NHS Providers and wider provider sector welcomes new interim NHS people plan
03 June 2019
- NHS England and NHS Improvement have published the interim NHS People Plan.
- The plan argues that as well as recruiting more staff, the NHS needs to do more to improve staff retention and transform ways of working.
- It focuses on three key areas - recruiting more staff; making the NHS a great place to work, and equipping the NHS to meet the challenges of 21st-century healthcare.
Responding to the interim NHS People Plan released today, the chief executive of NHS Providers, Chris Hopson said:
“Trusts leaders tell us that the range of workforce challenges they face, centred on recruiting and retaining the right number of staff, are their number one concern. There is no single, quick solution to these problems. They have developed over several years and will require concerted, purposeful, action over a similar time period to start addressing them.
It’s the first, clear, public recognition from our national system leaders of the severity of the workforce challenges the NHS faces.
“That’s why this interim people plan is so important. It’s the first, clear, public recognition from our national system leaders of the severity of the workforce challenges the NHS faces. You can’t solve a problem until you honestly and openly acknowledge its existence, scale and size.
“The plan is a welcome statement, for the first time, that solving our workforce challenge isn’t just about future workforce planning and more money, important though these are. We welcome the focus on making the NHS a great place to work, changing its leadership culture and training a workforce equipped for the future. Trust leaders have a key role to play on each of these issues. You can’t solve a problem until you have the right strategy.
Solving our workforce challenge isn’t just about future workforce planning and more money, important though these are.
“The plan also seeks to pull all of the NHS together behind this single, clear, approach – a unity of purpose that’s been sadly lacking for far too long. Government, arms length bodies and front line leaders all have a vital part to play here, with more responsibility and resource rightly being devolved towards local systems. We particularly welcome the much more inclusive way this plan has been developed and the speed of the work, which have genuinely felt different. You can’t solve a problem in a system as complex as the NHS until everyone agrees to align behind a single plan.
We particularly welcome the much more inclusive way this plan has been developed and the speed of the work, which have genuinely felt different.
“All of us, inevitably, wanted more. More money, more staff and more complete solutions to long running problems like pensions and immigration rules, delivered now. But, given the spending review timing and a Brexit focused Government that was never going to be possible. Given that context, we’d rather welcome the progress this interim plan has made, than bemoan what it doesn’t contain. However, it’s vital that these issues are addressed in time for the final plan. That includes the right outcome for NHS education and training budgets in the forthcoming spending review.”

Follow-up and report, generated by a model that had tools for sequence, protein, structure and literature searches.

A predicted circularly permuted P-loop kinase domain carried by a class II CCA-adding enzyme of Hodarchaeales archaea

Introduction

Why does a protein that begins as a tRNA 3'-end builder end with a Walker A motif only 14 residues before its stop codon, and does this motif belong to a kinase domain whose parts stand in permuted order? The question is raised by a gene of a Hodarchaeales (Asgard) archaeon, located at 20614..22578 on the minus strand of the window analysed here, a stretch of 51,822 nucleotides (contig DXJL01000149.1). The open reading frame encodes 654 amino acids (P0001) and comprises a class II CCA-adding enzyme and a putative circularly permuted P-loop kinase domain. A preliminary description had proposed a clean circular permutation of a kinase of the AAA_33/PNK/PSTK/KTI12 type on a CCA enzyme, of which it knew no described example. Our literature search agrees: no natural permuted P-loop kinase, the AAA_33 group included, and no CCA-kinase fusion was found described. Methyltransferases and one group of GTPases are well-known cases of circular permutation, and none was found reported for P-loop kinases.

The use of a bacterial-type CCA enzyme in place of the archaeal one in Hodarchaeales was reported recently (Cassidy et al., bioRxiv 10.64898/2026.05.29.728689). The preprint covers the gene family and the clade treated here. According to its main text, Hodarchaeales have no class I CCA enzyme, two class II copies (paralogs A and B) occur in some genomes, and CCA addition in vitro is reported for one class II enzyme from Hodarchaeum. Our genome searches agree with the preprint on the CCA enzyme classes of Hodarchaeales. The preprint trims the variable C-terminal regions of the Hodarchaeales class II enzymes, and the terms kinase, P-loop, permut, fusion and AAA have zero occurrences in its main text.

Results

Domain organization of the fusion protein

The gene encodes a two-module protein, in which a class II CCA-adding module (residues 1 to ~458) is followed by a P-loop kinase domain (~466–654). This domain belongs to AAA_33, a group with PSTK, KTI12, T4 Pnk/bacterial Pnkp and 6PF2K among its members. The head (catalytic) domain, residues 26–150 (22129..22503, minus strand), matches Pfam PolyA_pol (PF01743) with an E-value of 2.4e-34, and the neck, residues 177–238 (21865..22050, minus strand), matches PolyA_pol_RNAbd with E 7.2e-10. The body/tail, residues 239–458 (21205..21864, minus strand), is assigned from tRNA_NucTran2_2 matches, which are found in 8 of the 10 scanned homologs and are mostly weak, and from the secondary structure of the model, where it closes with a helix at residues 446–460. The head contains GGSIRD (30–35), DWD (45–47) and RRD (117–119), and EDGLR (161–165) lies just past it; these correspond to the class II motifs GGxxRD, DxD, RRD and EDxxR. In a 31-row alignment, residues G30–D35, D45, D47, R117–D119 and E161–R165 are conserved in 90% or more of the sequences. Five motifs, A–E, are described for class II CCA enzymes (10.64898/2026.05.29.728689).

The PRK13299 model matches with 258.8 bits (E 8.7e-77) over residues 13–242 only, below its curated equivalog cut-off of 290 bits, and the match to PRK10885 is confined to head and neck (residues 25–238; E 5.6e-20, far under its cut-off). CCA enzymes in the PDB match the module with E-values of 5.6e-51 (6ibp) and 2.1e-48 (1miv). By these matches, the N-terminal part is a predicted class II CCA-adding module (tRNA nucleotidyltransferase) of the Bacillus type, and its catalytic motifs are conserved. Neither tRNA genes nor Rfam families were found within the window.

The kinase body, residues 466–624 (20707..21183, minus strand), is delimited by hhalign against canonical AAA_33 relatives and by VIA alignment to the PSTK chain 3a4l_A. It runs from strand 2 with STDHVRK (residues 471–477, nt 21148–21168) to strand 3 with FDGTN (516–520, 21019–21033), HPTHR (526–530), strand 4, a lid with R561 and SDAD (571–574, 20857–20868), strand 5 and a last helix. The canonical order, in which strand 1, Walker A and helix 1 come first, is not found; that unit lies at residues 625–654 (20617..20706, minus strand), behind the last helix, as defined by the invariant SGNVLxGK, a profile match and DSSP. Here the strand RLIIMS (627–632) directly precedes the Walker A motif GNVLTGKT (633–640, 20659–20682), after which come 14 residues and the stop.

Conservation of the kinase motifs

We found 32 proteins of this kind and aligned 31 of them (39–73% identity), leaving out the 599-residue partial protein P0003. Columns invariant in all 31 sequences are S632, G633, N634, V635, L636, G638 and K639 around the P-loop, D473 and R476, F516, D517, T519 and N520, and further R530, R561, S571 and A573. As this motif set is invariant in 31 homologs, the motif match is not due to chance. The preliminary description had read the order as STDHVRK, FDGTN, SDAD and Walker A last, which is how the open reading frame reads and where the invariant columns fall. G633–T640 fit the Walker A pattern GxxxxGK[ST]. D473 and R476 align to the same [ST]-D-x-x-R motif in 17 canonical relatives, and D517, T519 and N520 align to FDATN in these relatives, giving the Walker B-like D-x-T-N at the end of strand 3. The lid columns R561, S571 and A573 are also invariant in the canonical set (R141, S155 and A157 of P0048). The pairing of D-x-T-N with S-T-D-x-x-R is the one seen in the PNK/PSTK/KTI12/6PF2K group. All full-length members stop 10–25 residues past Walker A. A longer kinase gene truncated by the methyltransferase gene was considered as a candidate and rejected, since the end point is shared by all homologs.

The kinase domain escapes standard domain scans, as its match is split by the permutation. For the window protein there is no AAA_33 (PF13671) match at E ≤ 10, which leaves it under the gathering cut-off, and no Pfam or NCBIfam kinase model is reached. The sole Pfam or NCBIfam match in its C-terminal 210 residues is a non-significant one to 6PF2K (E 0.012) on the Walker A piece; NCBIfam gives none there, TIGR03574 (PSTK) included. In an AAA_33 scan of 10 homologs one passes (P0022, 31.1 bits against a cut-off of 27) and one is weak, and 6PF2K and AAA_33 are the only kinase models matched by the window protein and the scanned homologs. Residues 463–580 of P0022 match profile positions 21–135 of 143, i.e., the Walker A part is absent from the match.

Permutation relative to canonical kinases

NHS Providers chief executive Chris Hopson was involved in this work alongside more than ten provider Chief Executives, and over 25 senior trust representatives.
Marianne Griffiths, chief executive of Western Sussex and Brighton and Sussex University Hospitals FTs, who contributed to the work on NHS leadership said: “Frontline leaders can make the biggest contribution to solving the NHS’s current workforce challenges. There is a welcome focus in this report on the importance of changing the NHS leadership culture to better support and empower frontline staff, so we can consistently provide outstanding patient care.”
Jim Mackey, chief executive of Northumbria Healthcare Foundation Trust, who contributed to the work on the future medical workforce said: “We all know that we’ve been headed for a major workforce problem for many years. There are no easy, immediate, answers here but this is a start to ensure that we are pointed in the same direction together and know what we’re trying to achieve .”
There are no easy, immediate, answers here but this is a start to ensure that we are pointed in the same direction together and know what we’re trying to achieve .
Rob Webster, chief executive of South West Yorkshire Partnership Foundation Trust, who contributed to the work on the future allied health professional workforce said: “This plan recognises that the NHS is a team that works with people to help meet their mental, physical and social needs. The critical role played by allied health professionals within that team is recognised in this plan and must be delivered if we are to have a successful NHS in the future. The plan builds on the great work started following “AHPs into action”, itself crowdsourced from the real experiences of professionals and patients across the NHS.”
Andrew Foster, chief executive of Wrightington, Wigan and Leigh Foundation Trust, who contributed to the work on making the NHS the best place to work, said: “Delivering great patient care depends on highly motivated staff who feel able to deliver the high quality care their patients expect. This plan rightly highlights the need for trusts to do more to keep and nurture their staff. Making the NHS a great place to work is key to that.”